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abstract = "BACKGROUND: To improve understanding of the mechanisms affecting the relationship between adolescent obesity and poor academic performance, we examined the association of overweight or perceived weight status with academic achievement. METHODS: We performed a cross-sectional study of 14-17-year-olds (N = 11,012) from the nationally representative 2003 Youth Risk Behavior Survey. The main outcome measure was self-reported grades (mostly A, B, C, D, or F). The primary independent variables were medically defined overweight (body mass index [BMI] ≥ 85th percentile), obesity (BMI ≥ 95th percentile), and participants' perception of their weight status. RESULTS: Medically defined overweight youth were less likely to report higher grades in unadjusted analysis (OR 0.67, 95{\%} CI: 0.60-0.76, p < .001) and after adjustment for demographics, depression, television and video game use, and physical activity (OR 0.83, 95{\%} CI: 0.74-0.94, p = .003). Statistically significant results also were seen with medically defined obese participants. Youth who perceived themselves as overweight were less likely to report higher grades (OR 0.82, 95{\%} CI: 0.73-0.92, p = .001) in unadjusted analysis and after adjustment for the same variables (OR 0.79, 95{\%} CI: 0.68-0.91, p = .002). The perception of overweight was a more significant determinant of academic performance (OR 0.81, 95{\%} CI: 0.69-0.95, p = .012) compared to medically defined obesity (OR 0.90, 95{\%} CI: 0.77-1.05, p = .174). CONCLUSIONS: Perceived overweight status is negatively associated with academic performance, regardless of actual weight status. These findings suggest that perception of overweight may be a mechanism for prior results indicating a negative association of obesity and academic achievements, and have implications for the academic health of these adolescents.",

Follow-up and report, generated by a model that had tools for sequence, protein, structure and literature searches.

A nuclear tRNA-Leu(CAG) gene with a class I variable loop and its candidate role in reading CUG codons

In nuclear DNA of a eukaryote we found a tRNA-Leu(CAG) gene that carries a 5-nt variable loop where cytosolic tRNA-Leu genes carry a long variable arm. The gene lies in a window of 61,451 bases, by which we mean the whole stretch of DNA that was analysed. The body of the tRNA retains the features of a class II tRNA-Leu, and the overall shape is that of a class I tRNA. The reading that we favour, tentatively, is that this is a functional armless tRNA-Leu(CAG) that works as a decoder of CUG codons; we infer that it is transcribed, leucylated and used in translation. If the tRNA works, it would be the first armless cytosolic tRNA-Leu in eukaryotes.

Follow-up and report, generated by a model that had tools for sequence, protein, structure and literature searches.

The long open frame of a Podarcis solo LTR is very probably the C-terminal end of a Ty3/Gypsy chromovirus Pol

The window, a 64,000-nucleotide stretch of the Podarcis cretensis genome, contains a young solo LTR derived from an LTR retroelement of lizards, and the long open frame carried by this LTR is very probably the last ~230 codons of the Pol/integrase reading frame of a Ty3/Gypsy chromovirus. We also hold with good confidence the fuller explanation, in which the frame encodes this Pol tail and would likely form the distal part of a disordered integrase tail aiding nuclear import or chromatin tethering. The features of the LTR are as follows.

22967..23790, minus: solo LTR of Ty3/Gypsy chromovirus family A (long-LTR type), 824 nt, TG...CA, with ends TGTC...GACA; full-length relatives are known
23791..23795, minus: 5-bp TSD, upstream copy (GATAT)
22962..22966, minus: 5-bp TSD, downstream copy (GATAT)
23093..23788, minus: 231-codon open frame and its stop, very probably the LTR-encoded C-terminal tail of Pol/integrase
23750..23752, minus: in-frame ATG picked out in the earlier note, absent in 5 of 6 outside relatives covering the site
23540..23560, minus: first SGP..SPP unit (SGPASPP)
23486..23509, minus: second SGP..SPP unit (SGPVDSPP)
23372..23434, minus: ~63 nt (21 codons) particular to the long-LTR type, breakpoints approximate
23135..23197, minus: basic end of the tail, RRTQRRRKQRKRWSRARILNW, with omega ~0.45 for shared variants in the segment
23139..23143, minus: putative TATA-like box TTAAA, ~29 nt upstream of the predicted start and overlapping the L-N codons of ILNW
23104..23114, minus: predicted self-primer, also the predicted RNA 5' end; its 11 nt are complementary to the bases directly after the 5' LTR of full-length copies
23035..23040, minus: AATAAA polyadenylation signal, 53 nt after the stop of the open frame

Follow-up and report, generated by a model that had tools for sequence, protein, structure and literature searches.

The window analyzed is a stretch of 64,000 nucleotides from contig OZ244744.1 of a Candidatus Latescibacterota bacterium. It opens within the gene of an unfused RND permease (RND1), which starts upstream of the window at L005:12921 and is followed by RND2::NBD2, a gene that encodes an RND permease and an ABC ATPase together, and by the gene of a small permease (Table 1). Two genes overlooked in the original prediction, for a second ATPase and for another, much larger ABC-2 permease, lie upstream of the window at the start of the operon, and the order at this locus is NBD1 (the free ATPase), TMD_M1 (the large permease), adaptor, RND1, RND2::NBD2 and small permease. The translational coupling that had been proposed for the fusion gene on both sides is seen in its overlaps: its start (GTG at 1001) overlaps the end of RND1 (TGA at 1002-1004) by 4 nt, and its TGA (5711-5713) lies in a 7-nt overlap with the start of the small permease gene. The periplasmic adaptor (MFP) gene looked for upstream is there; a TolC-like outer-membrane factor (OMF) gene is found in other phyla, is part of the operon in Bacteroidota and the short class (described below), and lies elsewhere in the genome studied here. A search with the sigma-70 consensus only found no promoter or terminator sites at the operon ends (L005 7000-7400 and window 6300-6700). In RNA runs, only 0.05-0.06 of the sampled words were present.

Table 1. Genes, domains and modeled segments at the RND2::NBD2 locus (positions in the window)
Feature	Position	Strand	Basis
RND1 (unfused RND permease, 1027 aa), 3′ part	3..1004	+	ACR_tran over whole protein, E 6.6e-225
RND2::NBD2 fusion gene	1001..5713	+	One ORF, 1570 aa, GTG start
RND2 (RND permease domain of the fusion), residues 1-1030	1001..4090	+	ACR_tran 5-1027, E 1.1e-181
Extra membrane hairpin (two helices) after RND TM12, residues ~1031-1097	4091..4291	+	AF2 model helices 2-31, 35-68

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Perception of overweight is associated with poor academic performance in US adolescents. / Florin, Todd A.; Shults, Justine; Stettler, Nicolas.

In: Journal of School Health, Vol. 81, No. 11, 01.11.2011, p. 663-670.

Research output: Contribution to journalArticle

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T1 - Perception of overweight is associated with poor academic performance in US adolescents

AU - Florin, Todd A.

AU - Shults, Justine

AU - Stettler, Nicolas